Women’s swimwear growth heads upstream
The fashion market continues to wade through tough economic waters, with countless sources relaying that consumers are now reining in spend on material possessions and choosing to spend their money on experiences, like holidays. The latest ONS Travel Trends report* states that the number of overseas holidays taken by Britons rose by 8% during 2016, and spending topped £70m for the first time. While fashion retailers initially saw this as another obstacle for them to overcome, the market has actually experienced a bounce back in some categories which correlate with increased holiday expenditure.
The latest Kantar Worldpanel data (for the 52 weeks to 9 April 2017) finds women’s swimwear has experienced accelerated growth over the past year, and offers an insight into what is driving this great performance. The market is up 7.2% this year, compared with only 1.2% in April 2016, and is buoyed by rising prices. With the weakened pound impacting clothing sales, retailers are also seeing price growth at a total clothing and footwear level, but swimwear is climbing faster with prices up 2.4% year on year, compared to 0.8% across the total market.
So with consumers buying swimwear more often, does this mean that swimwear is no longer seasonal? It does seem that with more people holidaying all year round, especially in the winter, swimwear is not a seasonal category anymore. Currently, just over 50% of all women’s swimwear is purchased between May and July, however the share of swimwear purchased in August and September increased by 3.5% since last year to account for 18% of all purchases. Also, March of this year saw the highest growth rate (9.6%) for the category in three years, showing that consumers want to be able to buy throughout the year.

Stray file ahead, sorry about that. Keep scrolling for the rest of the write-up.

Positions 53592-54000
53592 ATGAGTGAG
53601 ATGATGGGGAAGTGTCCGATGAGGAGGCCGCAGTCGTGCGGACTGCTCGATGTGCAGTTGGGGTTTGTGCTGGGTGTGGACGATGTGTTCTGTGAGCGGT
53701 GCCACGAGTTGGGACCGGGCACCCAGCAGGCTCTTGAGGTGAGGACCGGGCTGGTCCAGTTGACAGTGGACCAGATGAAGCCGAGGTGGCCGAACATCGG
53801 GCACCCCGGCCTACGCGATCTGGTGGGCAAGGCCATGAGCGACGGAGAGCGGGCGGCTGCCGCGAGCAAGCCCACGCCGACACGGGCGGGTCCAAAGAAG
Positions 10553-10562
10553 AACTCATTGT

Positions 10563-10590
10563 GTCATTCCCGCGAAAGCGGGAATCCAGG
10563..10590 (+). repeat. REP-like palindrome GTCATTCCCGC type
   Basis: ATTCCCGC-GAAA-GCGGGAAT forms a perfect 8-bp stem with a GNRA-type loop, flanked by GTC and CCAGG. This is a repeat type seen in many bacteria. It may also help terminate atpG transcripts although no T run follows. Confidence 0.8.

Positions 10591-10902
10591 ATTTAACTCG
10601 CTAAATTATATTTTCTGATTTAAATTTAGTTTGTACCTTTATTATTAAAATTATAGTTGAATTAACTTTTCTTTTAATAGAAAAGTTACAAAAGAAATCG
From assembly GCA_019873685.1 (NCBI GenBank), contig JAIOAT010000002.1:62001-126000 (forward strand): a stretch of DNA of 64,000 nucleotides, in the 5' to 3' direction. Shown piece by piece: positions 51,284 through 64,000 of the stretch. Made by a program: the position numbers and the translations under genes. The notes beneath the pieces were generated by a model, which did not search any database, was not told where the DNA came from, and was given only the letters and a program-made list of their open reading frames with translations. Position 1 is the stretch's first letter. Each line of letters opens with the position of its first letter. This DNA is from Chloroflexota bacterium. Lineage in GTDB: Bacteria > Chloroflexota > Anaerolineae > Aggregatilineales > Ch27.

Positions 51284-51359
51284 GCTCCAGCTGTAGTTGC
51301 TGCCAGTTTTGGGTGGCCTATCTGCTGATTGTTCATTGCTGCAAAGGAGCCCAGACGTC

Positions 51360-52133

Swimwear, like activewear, is also benefitting from shoppers purchasing the category online. Traditionally, swimwear has been an in-store purchase, but the online channel now accounts for 35% of all women’s swimwear spend. The channel is benefitting from price growth as online shoppers spend £17.53 on average per item in the category - £5.48 more than shoppers spend in store. The category is also seeing pureplayers squeeze into traditional retailers’ space. For example, ASOS is ranked 11th in total women’s swimwear and is close to breaking into the top 10. In online, ASOS dominates the multichannel retailers with 8.1% market share points and ranks in first place.
With continued growth in women’s swimwear, and the movement of consumer spend toward experiences, fashion retailers should look to how they can capitalise on this trend, rather than fight against it. Given that swimwear bought for holidays accounts for 85% of the category’s growth, they should invest in swimwear ranges all year round, recognising that consumers are holidaying outside of the summer months. As a quick win, retailers can do this online, creating a holiday destination in a virtual setting. While swimwear will not reverse the fashion market’s fortunes on its own, it is an example of a category that is responding to with modern consumer behaviour to stay ahead of the curve.
* ONS Travel Trends 2016, retrieved 15:05 25 May 2017. https://www.ons.gov.uk/peoplepopulationandcommunity/leisureandtourism/articles/traveltrends/2016
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- Send a messageStephanie Keller